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Commentary: Can't Live Without Books

By Chris Mackowksi

St. Bonaventure, NY – "I cannot live without books," wrote Thomas Jefferson in an 1815 letter to his friend and fellow Founder, John Adams. Both men were voracious readers and counted their personal libraries among their most cherished possessions.

Adams once counseled his son John Quincy to always carry a book with him in case he had a spare moment to read. "You'll never be alone with a poet in your pocket," the elder Adams told his son.

Jefferson and Adams could not live without their books, and neither can I. But apparently a growing majority of Americans can get along without them just fine.

A recently released Associated Press-Ipsos poll says one in four adults didn't read a single book last year.

Zero. Zilch. Zip. Nada.

That this poll came out shortly after the release of Harry Potter and the Deathly Hallows, which shattered all kinds of book-buying records and had people behaving like teenage girls at a Beatles concert, was not lost on me. It seemed like everyone in America (including me) scarfed up that book but apparently, only three out of four Americans scarfed it up.

A lot of big-brained people who are smarter than I am have offered a multitude of reasons for America's poor reading habits. TV is the obvious scapegoat. We could blame the internet, too, for good measure.

But the news hardly comes as a surprise to people in the publishing world. Fewer readers means publishers are making fewer dollars. In response, publishers tend only to publish safe works, with a heavy emphasis on established writers, leaving less room for new authors to break into the market. The overall selection of books becomes more homogenous which, in turn, tends to drive away a certain segment of the book-buying public. That leaves fewer readers, and that leads to....

You see where I'm going.

America's poor reading habits are also no surprise to the newspaper industry. For the past decade, newspaper readership across the country has continued to slip. As circulation drops, newspapers begin to cut their staffs. (In an age when local newspapers can provide one thing no other form of media can in-depth local coverage newsroom cuts make it impossible to provide the very thing that would help a newspaper thrive...but that's a topic for another day.)

I realize I'm probably preaching to the choir since public radio listeners tend to be readers, as well. You know how important reading is, how satisfying it is, how enjoyable it is.

Reading a book, in particular, provides its own unique joys. I like the small heft of a book in my hands, the smooth feel of a slick dust jacket, the crinkle of the page as I turn it.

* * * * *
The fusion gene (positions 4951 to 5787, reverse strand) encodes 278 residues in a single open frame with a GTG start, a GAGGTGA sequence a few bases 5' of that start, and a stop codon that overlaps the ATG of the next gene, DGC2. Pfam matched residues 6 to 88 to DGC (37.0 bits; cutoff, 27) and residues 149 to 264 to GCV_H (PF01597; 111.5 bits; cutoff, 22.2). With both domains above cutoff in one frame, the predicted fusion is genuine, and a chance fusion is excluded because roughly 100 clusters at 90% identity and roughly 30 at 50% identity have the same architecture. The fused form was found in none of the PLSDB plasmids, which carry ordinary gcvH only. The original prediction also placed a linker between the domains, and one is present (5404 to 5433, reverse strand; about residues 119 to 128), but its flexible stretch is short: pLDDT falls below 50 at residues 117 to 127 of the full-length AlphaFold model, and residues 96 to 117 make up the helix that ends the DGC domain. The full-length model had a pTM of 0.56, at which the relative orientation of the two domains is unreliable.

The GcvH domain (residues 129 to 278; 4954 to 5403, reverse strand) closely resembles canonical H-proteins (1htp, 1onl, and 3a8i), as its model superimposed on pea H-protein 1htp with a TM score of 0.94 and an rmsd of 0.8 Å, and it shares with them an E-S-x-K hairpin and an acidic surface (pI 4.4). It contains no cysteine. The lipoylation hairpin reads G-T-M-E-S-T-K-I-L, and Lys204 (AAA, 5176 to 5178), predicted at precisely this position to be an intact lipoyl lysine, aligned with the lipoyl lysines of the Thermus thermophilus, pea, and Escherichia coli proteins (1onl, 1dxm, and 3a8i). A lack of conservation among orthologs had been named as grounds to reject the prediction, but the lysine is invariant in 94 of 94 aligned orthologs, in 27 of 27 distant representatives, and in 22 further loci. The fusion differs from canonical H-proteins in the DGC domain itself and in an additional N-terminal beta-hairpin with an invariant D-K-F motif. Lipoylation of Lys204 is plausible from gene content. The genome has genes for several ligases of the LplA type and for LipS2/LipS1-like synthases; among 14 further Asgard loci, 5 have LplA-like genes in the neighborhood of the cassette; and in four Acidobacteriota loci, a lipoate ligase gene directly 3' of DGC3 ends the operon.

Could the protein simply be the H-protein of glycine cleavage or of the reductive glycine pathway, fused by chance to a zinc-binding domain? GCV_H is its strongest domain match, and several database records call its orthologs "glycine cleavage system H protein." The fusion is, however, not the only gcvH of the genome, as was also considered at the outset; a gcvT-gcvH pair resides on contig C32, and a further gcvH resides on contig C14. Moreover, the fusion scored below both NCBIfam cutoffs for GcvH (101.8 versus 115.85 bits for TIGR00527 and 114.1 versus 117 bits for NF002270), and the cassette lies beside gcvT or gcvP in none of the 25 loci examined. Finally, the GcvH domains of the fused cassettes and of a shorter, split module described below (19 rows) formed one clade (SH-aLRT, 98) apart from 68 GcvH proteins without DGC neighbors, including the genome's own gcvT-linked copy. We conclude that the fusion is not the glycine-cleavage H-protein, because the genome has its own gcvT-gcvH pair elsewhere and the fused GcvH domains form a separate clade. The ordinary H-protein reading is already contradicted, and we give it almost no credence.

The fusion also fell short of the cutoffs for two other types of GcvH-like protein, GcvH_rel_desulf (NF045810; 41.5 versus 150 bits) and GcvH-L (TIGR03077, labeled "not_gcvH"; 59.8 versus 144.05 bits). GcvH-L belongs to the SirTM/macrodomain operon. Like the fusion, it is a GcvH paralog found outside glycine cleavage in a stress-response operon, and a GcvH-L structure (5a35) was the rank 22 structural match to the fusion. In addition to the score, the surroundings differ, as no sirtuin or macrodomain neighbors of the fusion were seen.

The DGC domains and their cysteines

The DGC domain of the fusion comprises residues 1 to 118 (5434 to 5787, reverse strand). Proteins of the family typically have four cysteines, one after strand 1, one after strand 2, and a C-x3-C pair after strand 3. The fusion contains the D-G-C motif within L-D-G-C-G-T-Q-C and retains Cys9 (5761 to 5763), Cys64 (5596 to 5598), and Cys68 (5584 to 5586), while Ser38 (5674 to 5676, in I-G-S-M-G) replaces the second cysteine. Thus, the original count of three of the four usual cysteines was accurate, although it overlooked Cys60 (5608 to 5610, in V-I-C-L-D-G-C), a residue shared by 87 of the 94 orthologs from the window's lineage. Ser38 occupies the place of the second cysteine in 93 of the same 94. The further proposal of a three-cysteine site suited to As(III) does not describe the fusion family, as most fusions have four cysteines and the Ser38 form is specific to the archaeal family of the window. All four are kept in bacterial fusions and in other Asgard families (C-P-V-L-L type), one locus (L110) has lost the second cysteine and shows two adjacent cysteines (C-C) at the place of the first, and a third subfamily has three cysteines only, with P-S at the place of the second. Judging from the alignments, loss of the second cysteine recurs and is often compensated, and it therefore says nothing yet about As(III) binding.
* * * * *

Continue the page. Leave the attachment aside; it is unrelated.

I've been reading as long as I can remember. I taught myself by reading the Incredible Hulk comic books. But the earliest reading experience I can remember that left an indelible mark on me happened in my early teens. My mother's father was hospitalized at St. Francis Hospital in Olean, and while the family held vigil, I went to the top-floor solarium with a book. It was Herman Melville's "Moby Dick," arguably the greatest novel in American history. Melville had me at the first line, "Call me Ishmael." I read the book straight through.

Since then, books have been my own white whale. I have pursued them relentlessly. They symbolize for me all that is magnificent and powerful and wonderful in the world. Fortunately, I've never had a book bite my leg off and leave me hobbling around on a peg like Ahab but there have been plenty of books that have grabbed a hold of me and never let go. Even now, long after I've read them, those books remain with me. That's what good books do.

Mostly, I feel sorry for those people who don't read. After all, an unfortunate number of people can't read and wish they could. And, as Mark Twain once observed, "The man who doesn't read good books has no advantage over the man who can't."

People who don't read miss out on a book's ability to stimulate thinking, to explore new perspectives, to inspire the imagination. Saddest of all, they don't even know the pleasure they're missing (even if they think they do).

The canvas bag I take with me to work has Jefferson's words emblazoned across the front. I cannot live without my books. But as the publishing industry is discovering, many other people can live without books. The question, really, is whether books can live without people.

Listener-Commentator Chris Mackowski is an associate professor in the School of Journalism and Mass Communication at St. Bonaventure University.

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